Identifying the stage and grade of a cancer patient’s tumors can help doctors determine a course of treatment and predict the chance of a cure. For patients and family, keeping up with the cancer diagnosis can be difficult and agonizing.
Something cancer experts encounter in delivering a diagnosis is confusion over cancer staging vs. cancer grading. Staging is a process that doctors use to describe how far cancer has spread. Grading is a process that helps predict how fast the cancer will grow and spread.
Overview of Cancer Stages
In general, the stages of most cancers break down this way:
- Stage 0: Cancer hasn’t spread.
- Stages I, II, and III: Cancer has grown or has spread into nearby tissues and perhaps lymph nodes. The higher the stage, the farther the cancer has spread.
- Stage IV: Cancer has spread beyond the lymph nodes into other parts of the body (metastasized).
Although there are several methods of staging, most doctors now use the TNM method. The TNM method is based on the size of the tumor (T), the spread of the cancer into nearby lymph nodes (N), and the spread of the cancer to other body parts (M, for metastasis). Most cancers can be described using the TNM system. But certain cancers—for example, cancers of the blood, bone marrow, or brain—use other staging systems.
Overview of Tumor Grades
A tumor’s grade, from 1 to 4, describes how its cells look under a microscope. The more these cells look like normal cells, the lower the grade and the lower the likelihood that the cancer will spread quickly. Tumor cells that look like normal cells are called grade 1 tumors. They usually grow slowly. A grade 4 tumor, on the other hand, has cells that look very different from normal cells. Grade 4 tumors often grow quickly and spread rapidly.
For certain types of cancer, doctors use other grading methods. For example, in prostate cancer, the doctor gives the cancer a Gleason score. Prostate cancer cells that have a low Gleason score grow more slowly than cells that have a higher score.
Each aspect of the Bon Secours interdisciplinary approach to cancer care addresses specific issues related to the prevention of cancer, treatment for cancer, and recovery from cancer. When you hear the words cancer you may not know what to do next, but we do. Our world-class cancer surgeons, cancer treatment centers, nurse navigators and cancer specialists are ready to stand by your side through your cancer fight.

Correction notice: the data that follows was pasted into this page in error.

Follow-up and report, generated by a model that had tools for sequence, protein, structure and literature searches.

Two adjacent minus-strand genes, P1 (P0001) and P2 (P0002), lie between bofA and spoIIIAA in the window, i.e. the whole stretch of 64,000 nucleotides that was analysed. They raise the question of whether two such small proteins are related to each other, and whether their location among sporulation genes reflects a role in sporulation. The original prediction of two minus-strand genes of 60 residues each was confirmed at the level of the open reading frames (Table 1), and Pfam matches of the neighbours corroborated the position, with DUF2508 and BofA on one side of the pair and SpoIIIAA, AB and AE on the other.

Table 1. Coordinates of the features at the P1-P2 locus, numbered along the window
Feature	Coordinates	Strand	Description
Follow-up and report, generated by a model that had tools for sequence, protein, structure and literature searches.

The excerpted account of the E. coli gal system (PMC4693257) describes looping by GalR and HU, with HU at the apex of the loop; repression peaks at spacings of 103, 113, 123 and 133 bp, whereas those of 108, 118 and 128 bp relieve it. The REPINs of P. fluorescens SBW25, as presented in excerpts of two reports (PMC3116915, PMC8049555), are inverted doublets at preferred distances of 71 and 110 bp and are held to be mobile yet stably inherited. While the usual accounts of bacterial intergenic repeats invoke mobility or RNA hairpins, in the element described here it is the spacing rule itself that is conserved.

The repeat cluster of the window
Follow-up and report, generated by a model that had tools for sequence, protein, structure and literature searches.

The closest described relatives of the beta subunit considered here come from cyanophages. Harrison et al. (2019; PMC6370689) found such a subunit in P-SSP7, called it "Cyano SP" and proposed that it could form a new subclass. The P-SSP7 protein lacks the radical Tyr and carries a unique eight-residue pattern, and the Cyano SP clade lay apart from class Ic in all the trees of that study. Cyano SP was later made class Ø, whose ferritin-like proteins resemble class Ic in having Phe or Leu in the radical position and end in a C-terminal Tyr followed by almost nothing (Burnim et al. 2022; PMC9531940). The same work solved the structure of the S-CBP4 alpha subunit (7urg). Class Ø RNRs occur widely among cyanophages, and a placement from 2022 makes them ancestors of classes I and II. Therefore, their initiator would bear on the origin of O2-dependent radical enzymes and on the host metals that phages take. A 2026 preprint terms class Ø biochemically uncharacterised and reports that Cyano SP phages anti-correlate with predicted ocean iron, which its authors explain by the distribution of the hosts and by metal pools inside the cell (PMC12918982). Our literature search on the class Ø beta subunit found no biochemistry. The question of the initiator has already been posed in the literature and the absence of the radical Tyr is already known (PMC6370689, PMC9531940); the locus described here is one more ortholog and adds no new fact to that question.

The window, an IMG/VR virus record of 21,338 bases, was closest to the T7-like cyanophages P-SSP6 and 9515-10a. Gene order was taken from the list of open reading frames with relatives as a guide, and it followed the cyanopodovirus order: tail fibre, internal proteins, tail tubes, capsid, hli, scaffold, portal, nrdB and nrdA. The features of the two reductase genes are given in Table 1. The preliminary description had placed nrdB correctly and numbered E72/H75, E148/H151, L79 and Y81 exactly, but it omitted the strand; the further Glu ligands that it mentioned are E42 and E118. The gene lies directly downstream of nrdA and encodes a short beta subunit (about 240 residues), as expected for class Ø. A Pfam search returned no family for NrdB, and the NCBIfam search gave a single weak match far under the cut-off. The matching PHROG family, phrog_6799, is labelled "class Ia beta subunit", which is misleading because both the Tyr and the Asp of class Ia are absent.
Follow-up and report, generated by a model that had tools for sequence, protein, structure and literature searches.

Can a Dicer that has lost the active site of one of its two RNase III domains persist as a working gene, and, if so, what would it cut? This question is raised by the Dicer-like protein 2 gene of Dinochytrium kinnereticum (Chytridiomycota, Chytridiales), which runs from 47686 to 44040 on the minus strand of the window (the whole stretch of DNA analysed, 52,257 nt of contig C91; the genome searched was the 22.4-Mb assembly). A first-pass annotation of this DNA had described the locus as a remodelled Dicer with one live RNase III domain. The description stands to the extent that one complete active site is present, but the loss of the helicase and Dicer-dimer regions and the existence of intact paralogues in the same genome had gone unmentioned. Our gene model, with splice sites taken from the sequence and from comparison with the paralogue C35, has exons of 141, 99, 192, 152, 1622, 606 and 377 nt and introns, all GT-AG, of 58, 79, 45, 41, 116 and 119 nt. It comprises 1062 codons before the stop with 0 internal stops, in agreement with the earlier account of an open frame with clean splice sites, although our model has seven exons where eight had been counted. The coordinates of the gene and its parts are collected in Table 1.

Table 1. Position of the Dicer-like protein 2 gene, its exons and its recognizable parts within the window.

Their state-of-the art facility, the Martha C. Davis Cancer Treatment Center, in Portsmouth, Virginia features the TrueBeam™ linear accelerator system, one of the most advanced radiotherapy treatment options in the nation. This cancer treatment technology combines imaging, beam delivery and sophisticated technology to accurately target tumors with great speed and precision. Real-time imaging allows clinicians to “see” the tumor, while beam delivery is synchronized with the patient’s breathing.
The Virginia Department of Health’s Division of COPN has issued a staff report recommending conditional approval for a certificate of public need (COPN) to relocate Bon Secours’ radiation therapy services currently on the campus of Bon Secours Maryview Medical Center to establish a comprehensive cancer center. The 31,500 square foot, $10 million institute will be home to a radiation therapy center that will include the Varian True Beam linear accelerator and a 16-slice wide-bore CT scanner for simulation treatment planning in conjunction with radiation therapy. In addition to radiation therapy services, the new center will co-locate supportive services, such as a resource center, an appearance center, educational space, and complementary services such as clinics, infusion centers, etc.